om/u/868826/Filter-Demo.csv
  • Use keywords as column names
  • II. Loop through each element in the CSV file and
    builds a search URL formatted for RSS output.
  • Under Operators Fetch Loop module
  • Fetch URLs URL Builder into the Loops big field
  • As base use http//search.twitter.com/search.atom
  • As query parameters use q in the first box and
    then item.keywords in the second
  • Assign results to item.loopurlbuilder
  • III. Connect the CSV and Loop modules

61
  • IV. Search Twitter
  • Under Operators Fetch Loop module
  • Fetch Sourcess Fetch Feed into the Loops big
    field
  • As URL use item.loopurlbuilder
  • Emit all results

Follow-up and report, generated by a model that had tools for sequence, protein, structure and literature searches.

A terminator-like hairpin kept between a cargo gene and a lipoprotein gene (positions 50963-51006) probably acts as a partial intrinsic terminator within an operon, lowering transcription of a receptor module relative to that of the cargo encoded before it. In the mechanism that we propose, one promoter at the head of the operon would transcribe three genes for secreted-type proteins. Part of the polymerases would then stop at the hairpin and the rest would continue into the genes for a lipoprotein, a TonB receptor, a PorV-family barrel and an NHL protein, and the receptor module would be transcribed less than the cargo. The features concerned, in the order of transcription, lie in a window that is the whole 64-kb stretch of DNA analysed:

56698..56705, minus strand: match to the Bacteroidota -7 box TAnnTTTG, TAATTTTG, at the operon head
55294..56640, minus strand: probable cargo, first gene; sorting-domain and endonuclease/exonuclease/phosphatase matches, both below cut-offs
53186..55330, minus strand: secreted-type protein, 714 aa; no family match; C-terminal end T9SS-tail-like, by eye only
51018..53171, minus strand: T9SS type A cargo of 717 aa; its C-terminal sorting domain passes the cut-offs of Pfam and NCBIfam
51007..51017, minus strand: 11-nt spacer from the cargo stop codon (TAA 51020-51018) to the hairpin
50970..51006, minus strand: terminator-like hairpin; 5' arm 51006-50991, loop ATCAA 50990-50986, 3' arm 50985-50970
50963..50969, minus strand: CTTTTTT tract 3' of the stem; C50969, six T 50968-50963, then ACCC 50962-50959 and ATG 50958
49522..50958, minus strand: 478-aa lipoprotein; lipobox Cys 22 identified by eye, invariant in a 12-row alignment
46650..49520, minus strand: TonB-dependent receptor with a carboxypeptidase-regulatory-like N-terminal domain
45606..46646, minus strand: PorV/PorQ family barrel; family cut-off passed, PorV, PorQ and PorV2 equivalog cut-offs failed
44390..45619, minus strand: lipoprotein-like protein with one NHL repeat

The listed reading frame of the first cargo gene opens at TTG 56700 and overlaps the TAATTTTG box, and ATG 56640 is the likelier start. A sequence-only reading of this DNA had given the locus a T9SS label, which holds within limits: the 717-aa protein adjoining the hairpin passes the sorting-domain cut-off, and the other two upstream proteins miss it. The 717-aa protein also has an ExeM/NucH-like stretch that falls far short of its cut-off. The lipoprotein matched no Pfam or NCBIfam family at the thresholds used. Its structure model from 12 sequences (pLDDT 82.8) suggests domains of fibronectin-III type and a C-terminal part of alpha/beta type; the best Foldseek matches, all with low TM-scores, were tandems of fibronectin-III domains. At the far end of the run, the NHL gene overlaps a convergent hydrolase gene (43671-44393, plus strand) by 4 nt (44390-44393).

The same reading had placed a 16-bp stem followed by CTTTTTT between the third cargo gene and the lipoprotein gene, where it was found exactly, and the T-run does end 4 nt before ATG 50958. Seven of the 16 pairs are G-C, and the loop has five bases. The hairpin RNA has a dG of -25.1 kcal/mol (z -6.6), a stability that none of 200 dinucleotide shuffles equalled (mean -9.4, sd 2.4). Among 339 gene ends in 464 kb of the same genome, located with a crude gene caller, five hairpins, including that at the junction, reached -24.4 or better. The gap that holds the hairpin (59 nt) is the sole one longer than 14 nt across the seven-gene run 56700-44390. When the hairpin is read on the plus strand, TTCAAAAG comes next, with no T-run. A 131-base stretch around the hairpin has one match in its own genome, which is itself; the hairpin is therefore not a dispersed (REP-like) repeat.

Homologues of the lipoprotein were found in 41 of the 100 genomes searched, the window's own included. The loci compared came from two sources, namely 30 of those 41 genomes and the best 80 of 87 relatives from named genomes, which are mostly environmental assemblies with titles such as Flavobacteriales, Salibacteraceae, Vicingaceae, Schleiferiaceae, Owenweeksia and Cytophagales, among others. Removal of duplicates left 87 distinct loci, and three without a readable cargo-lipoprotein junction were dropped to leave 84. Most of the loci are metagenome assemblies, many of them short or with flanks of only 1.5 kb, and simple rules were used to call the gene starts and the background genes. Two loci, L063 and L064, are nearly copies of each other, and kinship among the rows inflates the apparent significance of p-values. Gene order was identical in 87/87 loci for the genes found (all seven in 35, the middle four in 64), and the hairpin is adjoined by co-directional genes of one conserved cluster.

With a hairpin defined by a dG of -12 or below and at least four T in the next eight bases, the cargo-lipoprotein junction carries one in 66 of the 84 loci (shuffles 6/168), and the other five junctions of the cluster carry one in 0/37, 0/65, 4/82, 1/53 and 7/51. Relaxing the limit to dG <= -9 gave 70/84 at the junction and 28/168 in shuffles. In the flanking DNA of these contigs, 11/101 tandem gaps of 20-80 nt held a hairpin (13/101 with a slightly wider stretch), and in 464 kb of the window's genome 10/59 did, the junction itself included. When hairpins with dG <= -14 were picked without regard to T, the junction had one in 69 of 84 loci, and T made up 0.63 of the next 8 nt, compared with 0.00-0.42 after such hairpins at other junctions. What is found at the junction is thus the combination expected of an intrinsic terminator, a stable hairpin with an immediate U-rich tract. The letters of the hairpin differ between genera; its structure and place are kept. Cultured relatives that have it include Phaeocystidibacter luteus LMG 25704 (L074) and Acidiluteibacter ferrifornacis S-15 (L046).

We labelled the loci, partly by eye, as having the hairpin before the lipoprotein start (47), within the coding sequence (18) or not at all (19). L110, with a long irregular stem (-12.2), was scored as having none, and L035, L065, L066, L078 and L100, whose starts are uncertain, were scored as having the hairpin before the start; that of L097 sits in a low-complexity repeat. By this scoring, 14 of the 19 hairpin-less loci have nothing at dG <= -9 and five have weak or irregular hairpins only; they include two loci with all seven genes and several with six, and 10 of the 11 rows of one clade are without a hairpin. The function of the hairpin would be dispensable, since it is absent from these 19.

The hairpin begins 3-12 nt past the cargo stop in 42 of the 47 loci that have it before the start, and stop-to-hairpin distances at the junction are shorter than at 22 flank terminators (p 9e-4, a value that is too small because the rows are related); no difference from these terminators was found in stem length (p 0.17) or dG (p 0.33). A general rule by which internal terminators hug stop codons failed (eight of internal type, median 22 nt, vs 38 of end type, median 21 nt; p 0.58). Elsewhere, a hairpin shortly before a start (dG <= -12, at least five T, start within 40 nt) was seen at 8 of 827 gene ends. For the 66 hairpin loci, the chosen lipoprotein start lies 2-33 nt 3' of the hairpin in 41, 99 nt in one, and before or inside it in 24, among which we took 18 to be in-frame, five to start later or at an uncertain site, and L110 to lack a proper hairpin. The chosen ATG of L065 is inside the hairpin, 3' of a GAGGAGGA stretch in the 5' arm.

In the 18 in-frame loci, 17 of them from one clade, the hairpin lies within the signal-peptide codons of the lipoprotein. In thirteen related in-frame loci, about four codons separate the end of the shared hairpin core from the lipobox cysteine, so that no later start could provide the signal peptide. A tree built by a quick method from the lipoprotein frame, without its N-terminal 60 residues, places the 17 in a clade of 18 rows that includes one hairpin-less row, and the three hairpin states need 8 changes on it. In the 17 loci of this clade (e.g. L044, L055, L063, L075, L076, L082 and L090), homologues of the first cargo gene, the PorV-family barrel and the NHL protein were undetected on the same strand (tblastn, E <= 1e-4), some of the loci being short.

• V. Connect the two Loop modules
  • VI. Sort
  • 1. Under Operators Fetch Sort module
  • Sort by item.ypublished.utime in descending
    order
  • VII. Connect Sort module to pipe output. The
    final module in every Yahoo Pipe.
  • VIII. Save and Run Pipe

http//www.squidoo.com/yahoo-pipes-guide
62
Cluster to Create Links
63
Group together similar documents
Idea Frequent terms carry more information about
the cluster they might belong to Highly
co-related frequent terms probably belong to the
same cluster
http//www.iboogie.com/
64
Clustering Example
.
How many terms do these documents have?
65
English Novels
  1. Normalise
  2. Calculate similarity according to dot product

66
Lets code again
  • Compare.pl

67
FReSH (Forging ReSTful Services for e-Humanities)
  • Creating Semantic Relationships

68

69
  • Digital edition of 6 newspapers / periodicals
  • Monthly Repository (1806 1837)
  • Northern Star (1837 1852)
  • The Leader (1850 1860)
  • English Womens Journal (1858 1864)
  • Tomahawk (1867 1870)
  • Publishers Circular (1837-1959 NCSE 1880-1890)